Posted by Tania Kindersley.
And so, at last, the end is near....
A small diversion on tennis:
My theory on putting in the hard work of writing is to form good habits, familiar connections in the brain. When I think of what writers do, my first answer is write. Try to write something every day, even if it is not much good; the words must go onto the page. After that – writers pay attention, question everything, challenge their own assumptions, take nothing for granted, love and think about language. There are the other habits I have spoken of that make your writing better: using simple, clean language; cutting away the thickets of over-description; starting in the middle of a scene; listening for the rhythms of your sentences; endlessly asking What If?; trusting your own voice. And, of course: rewrite, rewrite, rewrite. The more you do these things, the more they will become second nature: the paradox is, the more you think about them, the less, in the end, you will have to think about them. They will become instinctive. This is what I mean by the writing practice building your writing muscles.
Watching Andy Murray play tennis yesterday, I noticed that he made it look, as one commentator remarked, effortless. What he was doing, up there at the very top level of the game, in fact took a remarkable amount of skill. A perfect backhand slice did not come to him by magic. He not only practises for hours every day, but he has spent the last two years working incredibly hard on his physical fitness. He is naturally slight, but he now has legs with muscles like ship’s ropes. John McEnroe said an interesting thing I did not know; he said that if you improve your physical game, it makes it easier to work on your mental game. I don’t know anything about tennis, so I had to take a moment to decode that statement. I think it means that if you build up your physical mass, get all the right muscles in place, you can take some of that for granted, which frees your mind to think of strategy and your game plan and the accurate and devastating placing of the ball. Muscles actually have memories, so presumably now Murray has to think less about where to put his legs for a certain shot – the muscles are strong, and remember. This may be why his mind is liberated to concentrate on the lightness of touch and the swinging angles and the deftness of his strokes. I think writing is a little like this. Once you build up your writing muscle, with daily practice, so that the basics of good writing become instinctive to you, your imagination is freer to roam; you can become more inventive and daring in your stories and your prose. You can make it look effortless, like Murray, because, like Murray, you have worked so hard.
McEnroe also said another excellent true thing. He was talking about Murray’s opponent ceding points, letting the ball go by; by contrast, Murray, like a terrier, was chasing down every ball, even the ones he could hardly hope to reach. ‘How many times,’ said McEnroe, did you see Jimmy Connors win because he really wanted it? He just wanted it more.’ I think you, too, have to really want it.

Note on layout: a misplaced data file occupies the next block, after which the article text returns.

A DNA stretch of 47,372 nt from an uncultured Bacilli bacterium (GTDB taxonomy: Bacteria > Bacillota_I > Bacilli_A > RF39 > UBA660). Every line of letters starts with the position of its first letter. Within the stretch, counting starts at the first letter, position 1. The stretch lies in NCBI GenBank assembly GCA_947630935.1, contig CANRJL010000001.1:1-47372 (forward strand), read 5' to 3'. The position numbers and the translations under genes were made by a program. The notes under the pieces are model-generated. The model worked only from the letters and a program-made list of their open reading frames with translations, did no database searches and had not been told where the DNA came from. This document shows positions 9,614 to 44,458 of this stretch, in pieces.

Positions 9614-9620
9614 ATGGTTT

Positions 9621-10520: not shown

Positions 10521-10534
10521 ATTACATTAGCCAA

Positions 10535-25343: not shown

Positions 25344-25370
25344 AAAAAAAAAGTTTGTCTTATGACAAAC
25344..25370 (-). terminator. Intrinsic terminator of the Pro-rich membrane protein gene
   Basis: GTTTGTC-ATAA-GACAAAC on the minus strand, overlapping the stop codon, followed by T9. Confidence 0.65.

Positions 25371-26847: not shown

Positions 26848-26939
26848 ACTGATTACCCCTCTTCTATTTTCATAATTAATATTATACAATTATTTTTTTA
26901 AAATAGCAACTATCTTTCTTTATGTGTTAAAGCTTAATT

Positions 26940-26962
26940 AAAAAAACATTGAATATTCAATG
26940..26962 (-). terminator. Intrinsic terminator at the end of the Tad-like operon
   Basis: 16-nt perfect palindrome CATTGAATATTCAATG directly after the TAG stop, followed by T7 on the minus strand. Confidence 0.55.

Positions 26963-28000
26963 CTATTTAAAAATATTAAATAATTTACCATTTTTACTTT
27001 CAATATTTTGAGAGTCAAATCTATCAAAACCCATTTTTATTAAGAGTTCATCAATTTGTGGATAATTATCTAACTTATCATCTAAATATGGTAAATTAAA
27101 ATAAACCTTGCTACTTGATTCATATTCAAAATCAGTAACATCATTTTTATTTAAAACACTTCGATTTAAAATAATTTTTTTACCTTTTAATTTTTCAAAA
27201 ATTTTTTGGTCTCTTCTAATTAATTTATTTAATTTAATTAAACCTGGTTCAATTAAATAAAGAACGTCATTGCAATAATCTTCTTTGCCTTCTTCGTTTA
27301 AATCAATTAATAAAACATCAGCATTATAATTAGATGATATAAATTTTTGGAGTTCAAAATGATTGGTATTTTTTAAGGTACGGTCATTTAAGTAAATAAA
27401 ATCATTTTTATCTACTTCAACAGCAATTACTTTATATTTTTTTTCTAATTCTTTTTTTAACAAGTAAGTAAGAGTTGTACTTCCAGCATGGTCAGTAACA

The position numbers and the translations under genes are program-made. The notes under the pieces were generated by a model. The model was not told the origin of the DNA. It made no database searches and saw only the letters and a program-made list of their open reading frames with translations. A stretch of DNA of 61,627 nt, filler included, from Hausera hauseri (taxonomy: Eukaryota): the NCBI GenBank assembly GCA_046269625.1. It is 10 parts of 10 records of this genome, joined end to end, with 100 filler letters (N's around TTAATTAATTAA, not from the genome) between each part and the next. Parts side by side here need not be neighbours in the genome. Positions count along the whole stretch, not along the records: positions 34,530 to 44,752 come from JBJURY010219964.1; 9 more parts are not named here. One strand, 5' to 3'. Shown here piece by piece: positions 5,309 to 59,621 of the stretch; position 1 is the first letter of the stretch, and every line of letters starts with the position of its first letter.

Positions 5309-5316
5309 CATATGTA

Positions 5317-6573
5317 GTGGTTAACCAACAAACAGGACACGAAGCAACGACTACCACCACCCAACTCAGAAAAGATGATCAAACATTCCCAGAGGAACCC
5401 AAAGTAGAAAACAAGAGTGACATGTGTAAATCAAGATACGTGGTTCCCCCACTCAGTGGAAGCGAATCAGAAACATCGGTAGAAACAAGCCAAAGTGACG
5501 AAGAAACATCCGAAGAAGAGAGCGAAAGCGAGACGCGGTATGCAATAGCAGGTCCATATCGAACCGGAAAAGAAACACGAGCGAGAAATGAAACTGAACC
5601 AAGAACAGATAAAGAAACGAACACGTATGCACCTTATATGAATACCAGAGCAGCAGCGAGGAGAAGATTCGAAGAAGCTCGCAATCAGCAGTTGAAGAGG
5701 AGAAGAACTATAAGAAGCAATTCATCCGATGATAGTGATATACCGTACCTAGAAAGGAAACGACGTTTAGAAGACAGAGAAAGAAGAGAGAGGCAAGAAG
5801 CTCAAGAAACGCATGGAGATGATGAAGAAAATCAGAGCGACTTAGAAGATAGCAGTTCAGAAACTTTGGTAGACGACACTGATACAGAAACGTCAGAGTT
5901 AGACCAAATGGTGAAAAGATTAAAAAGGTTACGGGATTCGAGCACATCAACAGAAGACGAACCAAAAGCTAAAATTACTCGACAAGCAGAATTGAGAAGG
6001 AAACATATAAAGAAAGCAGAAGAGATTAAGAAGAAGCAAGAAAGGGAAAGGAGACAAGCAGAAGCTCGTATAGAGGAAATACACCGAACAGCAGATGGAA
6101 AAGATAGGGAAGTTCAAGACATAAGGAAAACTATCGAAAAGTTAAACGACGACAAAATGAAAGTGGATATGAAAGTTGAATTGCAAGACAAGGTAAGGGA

The tragic flaw.
The tragic flaw is often thought to belong to Shakespeare, and the ancient Greeks. I think there is a subliminal belief that it is a rather archaic device. If you use it now, in these rushing modern days, it might seem heavy-handed, too obvious, even clunky. Look, look – there is Achilles, watch his heel. But it’s a good character device, if you use it lightly.
Last year, when I first gave this course, I was uncertain whether to talk about the tragic flaw. As if to reassure me, at the exact same moment the story of Eliot Spitzer broke. He was the governor of New York, an upright crusading man, whom people compared to Eliot Ness, because he was going to clean the state of vice and corruption. He went after prostitution rings and could not be bought. Then he was caught seeing a high class call girl named Kristen at four thousand dollars a pop. It was tragic flaw writ large, almost too classical to be true: the fiery opponent of sleaze, doing sleaze himself on an operatic scale. This week, like another little sign from the writing gods, an almost identical scandal broke. Governor Mark Sandford of South Carolina, a staunch Republican family values man, who wore his religion and morality on every sleeve he owned, went missing for three days. His staff said that they thought he was hiking in the Appalachians, although they could not be sure. On Wednesday, he was found getting off a flight from Buenos Aires, where it turned out that he kept a mistress. He was one of the loudest voices yelling for the impeachment of Bill Clinton after the Lewinsky affair; he is vociferous in his opposition to gay marriage because he believes in the sanctity of the institution. He was the Right’s brightest hope for the presidential race of 2012. Now his career, his reputation and his morals lie in ruins at his feet.
Of course, just because the tragic flaw is flashed across our television screens on the nightly news does not mean that you can throw it about at will in your work. The curious thing about fiction is that it must make sense in a way life often does not – an editor might ask you to tone a Spitzer or a Sandford character down, had you created them in a novel or short story. The editor might say: I just don’t believe it. And you cry: but it is true, I read it in the newspaper. And the editor says: it might be true, but it does not feel true. This is the fine line between life and invention which you have to walk like a skilled acrobat.